Doesn’t make much of a splash.
This seems to be the story of a flood but done in like a cutesy tone, so it's kind of poetic. It talks about how the rain is dripping and dropping, and how it "Fell from a daisy's face", things like that. "There were so many raindrops they made a puddle." And then it grows larger and becomes a pond, and suddenly, poof, there are fish in it. What? This is all one rainstorm, but fish kind of spontaneously generate in the pond. And the pond gets bigger. It spills over into a brook. The brook runs down the mountain, a chipmunk runs away because it's scared, some deer drink from it, and it overflows into a lake. I guess the lake was already there? But the lake gets bigger and floods a meadow and a farm, and everything gets muddy. Then it covers an entire road and the children "had to go to school in a boat". Then it goes into a river, and the river goes through the town, and then it goes all the way out through the town and the city to the ocean. Then the sun comes out and the rain stops.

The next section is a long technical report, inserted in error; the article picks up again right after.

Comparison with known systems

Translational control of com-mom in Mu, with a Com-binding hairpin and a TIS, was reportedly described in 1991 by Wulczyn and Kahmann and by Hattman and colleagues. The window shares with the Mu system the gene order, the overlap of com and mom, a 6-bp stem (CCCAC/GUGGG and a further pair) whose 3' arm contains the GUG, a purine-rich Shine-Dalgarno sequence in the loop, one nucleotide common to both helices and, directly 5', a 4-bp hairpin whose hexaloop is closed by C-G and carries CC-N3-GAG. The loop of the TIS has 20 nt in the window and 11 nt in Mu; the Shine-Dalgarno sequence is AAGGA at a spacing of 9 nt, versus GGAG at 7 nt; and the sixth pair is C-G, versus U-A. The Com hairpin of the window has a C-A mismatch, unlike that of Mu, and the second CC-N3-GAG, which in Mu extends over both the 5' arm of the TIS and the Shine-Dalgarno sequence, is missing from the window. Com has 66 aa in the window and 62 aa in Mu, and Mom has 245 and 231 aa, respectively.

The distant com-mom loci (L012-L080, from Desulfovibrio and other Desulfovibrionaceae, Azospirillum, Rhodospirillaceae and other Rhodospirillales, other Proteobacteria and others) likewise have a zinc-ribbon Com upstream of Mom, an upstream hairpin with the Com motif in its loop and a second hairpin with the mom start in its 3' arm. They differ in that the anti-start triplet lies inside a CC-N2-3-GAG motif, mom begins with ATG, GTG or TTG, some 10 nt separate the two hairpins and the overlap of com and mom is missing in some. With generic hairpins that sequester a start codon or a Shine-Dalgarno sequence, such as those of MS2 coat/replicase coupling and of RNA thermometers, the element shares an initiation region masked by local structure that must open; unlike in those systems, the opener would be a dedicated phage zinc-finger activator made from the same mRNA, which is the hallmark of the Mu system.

Is all of this supposed to be happening in a single day? It takes place more or less in the modern era, as it mentions things like "ocean liners". I might just be out of my depth, having been born and raised in southern California, where rain is pretty scarce, but going from the creation of a puddle to the flooding of a lake seems like it would take more than one rainstorm. At least more than one day. I guess there's nothing specific that signals that it takes place over one day, but the time period seems either very short, or vaguely long with the (fully adult) fish appearing in the new pond. A whole ecosystem doesn't appear in that short of a time period, but the length of time over which the book's events occur is very nebulous. How much of it is literal? Metaphorical?
The art is dated looking and somewhat strange, in a blocky style with crisp lines at the ends of everything. My guess would be watercolor paintings. It's not bad; it's pretty typical for the time period. And the book isn't bad either, though not great, and mostly just odd.